1. CAL28

    CAL28 Registered User

    Aug 25, 2014
    11
    Dorset
    Hi Im new on here, my Mum was diagnosed earlier this year and my Dad is in total denial with it. My mum had been showing signs for a few years but Dad wouldnt let anyone do anything about it. Symptoms are getting worse but he thinks she is getting better. He tries to cover things up and always answers for her and she always looks to him for support and answers. I am now helping as much as I can but finding it difficult with my Dads denial.
    Has anyone else had this problem and how did you deal with it.
     
  2. Mango

    Mango Registered User

    Mar 16, 2014
    44
    New Zealand
    Hi there and welcome :)

    I have a sibling who was/is in denial - she fluctuates somewhat. It does make the job of caring for my Mum much harder. I try to cope by sharing useful links about dementia, compassionate communication etc with all siblings (so that one does not feel targeted) hoping that realization will sink in!

    Just try to do your best for your Mum, and try to keep explaining to your Dad why you are helping or doing what you do.

    Also, keep reading these forums, there is a wealth of information on here. :)
     
  3. CAL28

    CAL28 Registered User

    Aug 25, 2014
    11
    Dorset
    Thanks for reply. My Dad appreciates all my help as he hasnt been at all well himself. Its just that he always makes excuses for her behaviour and memory problems. My Mum is seen at a memory clinic but they dont know the whole picture Im sure.
    Im trying my hardest to support them but finding it very difficult.
     
  4. maggy

    maggy Registered User

    Aug 25, 2014
    1
    Denial

    My husband doesnt accept his diagnosis. He gets very angry if the word dementia is used. I find it very difficult and am unable to join in Carers activities without lying to him, His condition is bad enough without lies but increasingly I am playing a part in a weird life.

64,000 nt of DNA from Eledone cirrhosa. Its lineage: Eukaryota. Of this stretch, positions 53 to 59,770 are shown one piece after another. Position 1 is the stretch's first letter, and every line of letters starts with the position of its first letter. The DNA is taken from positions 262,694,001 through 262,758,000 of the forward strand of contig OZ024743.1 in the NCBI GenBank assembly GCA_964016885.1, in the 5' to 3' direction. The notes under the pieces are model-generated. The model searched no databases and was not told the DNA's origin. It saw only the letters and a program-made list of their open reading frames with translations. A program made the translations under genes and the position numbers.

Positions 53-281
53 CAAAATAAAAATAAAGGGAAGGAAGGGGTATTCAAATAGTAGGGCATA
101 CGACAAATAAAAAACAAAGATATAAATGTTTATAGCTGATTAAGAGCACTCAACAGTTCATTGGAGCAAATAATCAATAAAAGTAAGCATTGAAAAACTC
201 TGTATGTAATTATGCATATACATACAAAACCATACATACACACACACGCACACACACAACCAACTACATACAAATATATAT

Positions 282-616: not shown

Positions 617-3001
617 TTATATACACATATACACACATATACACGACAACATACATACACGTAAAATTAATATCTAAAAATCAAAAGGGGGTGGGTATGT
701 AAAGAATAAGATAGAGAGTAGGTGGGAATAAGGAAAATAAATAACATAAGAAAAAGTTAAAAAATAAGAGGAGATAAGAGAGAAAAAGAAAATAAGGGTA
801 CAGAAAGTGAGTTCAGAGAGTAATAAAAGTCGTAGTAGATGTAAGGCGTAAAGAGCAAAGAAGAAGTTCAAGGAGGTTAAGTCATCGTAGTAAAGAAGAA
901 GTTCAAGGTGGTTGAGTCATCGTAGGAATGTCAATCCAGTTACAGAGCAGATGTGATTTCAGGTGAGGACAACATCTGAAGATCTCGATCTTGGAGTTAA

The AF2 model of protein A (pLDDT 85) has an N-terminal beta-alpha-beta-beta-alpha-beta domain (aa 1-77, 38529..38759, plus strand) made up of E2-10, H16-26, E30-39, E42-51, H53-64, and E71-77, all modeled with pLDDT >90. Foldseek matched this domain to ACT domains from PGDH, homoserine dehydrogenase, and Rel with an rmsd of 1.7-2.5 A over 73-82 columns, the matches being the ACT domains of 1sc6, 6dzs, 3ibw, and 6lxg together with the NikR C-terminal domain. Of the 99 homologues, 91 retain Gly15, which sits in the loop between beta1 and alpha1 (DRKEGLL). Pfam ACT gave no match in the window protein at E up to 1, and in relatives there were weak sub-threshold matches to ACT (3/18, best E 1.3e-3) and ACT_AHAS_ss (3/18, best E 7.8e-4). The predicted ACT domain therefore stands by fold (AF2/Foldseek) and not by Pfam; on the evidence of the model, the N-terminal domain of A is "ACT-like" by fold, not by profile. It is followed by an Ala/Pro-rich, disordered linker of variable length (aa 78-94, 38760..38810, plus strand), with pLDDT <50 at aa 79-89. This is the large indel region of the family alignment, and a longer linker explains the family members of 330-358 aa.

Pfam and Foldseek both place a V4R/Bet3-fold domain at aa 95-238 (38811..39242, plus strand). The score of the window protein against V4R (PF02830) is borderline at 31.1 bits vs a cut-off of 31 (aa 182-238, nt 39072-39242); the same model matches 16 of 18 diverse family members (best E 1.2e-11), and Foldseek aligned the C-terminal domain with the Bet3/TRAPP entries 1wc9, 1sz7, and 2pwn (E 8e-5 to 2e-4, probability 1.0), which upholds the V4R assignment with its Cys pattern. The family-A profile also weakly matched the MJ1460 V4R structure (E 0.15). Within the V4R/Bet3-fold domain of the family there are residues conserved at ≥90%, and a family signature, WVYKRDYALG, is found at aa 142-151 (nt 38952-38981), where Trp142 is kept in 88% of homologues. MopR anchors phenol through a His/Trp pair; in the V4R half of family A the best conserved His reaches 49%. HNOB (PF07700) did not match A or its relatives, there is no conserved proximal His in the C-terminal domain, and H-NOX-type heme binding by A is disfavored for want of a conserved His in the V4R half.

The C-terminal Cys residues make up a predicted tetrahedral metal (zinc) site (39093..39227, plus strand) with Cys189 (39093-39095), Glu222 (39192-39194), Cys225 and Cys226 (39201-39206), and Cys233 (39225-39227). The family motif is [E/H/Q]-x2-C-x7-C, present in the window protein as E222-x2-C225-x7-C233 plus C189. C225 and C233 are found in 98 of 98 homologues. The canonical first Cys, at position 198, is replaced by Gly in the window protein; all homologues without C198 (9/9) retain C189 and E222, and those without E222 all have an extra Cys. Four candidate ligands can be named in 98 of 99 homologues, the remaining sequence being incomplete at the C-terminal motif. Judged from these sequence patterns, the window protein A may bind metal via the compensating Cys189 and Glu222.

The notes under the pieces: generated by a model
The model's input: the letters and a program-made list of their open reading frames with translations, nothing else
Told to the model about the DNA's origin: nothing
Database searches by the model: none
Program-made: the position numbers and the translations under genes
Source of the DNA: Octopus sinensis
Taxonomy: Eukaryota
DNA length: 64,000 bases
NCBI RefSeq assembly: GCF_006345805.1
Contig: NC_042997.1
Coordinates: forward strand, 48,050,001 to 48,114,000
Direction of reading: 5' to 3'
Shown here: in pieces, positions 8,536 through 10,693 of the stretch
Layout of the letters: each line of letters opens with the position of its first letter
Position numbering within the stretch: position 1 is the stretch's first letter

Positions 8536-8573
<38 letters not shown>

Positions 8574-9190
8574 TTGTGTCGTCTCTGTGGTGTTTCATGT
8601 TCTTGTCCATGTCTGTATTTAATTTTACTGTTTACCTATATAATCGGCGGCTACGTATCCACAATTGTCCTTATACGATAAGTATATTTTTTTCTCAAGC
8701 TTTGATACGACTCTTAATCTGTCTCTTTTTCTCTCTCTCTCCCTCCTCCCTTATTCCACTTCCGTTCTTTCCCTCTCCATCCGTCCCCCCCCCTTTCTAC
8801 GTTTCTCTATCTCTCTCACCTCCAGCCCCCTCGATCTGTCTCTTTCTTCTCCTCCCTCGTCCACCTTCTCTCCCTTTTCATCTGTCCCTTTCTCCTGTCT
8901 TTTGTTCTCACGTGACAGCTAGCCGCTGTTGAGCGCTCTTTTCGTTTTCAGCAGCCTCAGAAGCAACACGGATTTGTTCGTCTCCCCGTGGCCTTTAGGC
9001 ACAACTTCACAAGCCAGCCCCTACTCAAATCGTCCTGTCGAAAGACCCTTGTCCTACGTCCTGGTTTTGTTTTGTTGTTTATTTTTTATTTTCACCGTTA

5. Mango

    Mango Registered User

    Mar 16, 2014
    44
    New Zealand
    I think of dealing with Mum as my alternate (or alternative - depending where you are from) reality. Things in her world just work differently and you do what you need to do to keep her happy - fibs and all...

    I can almost understand denial on the part of the person affected by dementia, but denial by others - I find that difficult to both comprehend and cope with!
     
  6. sad&lonely

    sad&lonely Registered User

    Aug 22, 2014
    10
    Yorkshire
    Oh Maggy, I so understand and sympathise with all you are going through, I have a friend who is in the same situation and she is run ragged by her husband. By the time my husband was diagnosed, he didn't understand what dementia, or Alzheimers was nor what the consequences could be. There will come a time when you will feel strong enough to 'take control' of the circumstances, in my case, the turning point was having to send his driving licence in to the driving authorities, for his own safety and mine. Also joining Alzheimers Society who provide really wonderful help, outings and afternoon tea dances where we could go and feel like a 'normal' couple' again.Praying you will find that strength soon. Bless you.
     
  7. Witzend

    Witzend Registered User

    Aug 29, 2007
    4,293
    SW London
    Is your dad perhaps reluctant to admit he could do with help, in case social services move in and take over? Some older people in particular are very wary of SS, and think they will start interfering and maybe split them up 'for their own good'. Perhaps he might need reassurance that nowadays SS are often only too anxious to save council money.

    Also, from experience, some older people don't want carers in out of loyalty - they don't want their loved ones' frailties or indignities exposed to strangers, esp. if there is anything like incontinence involved.
     

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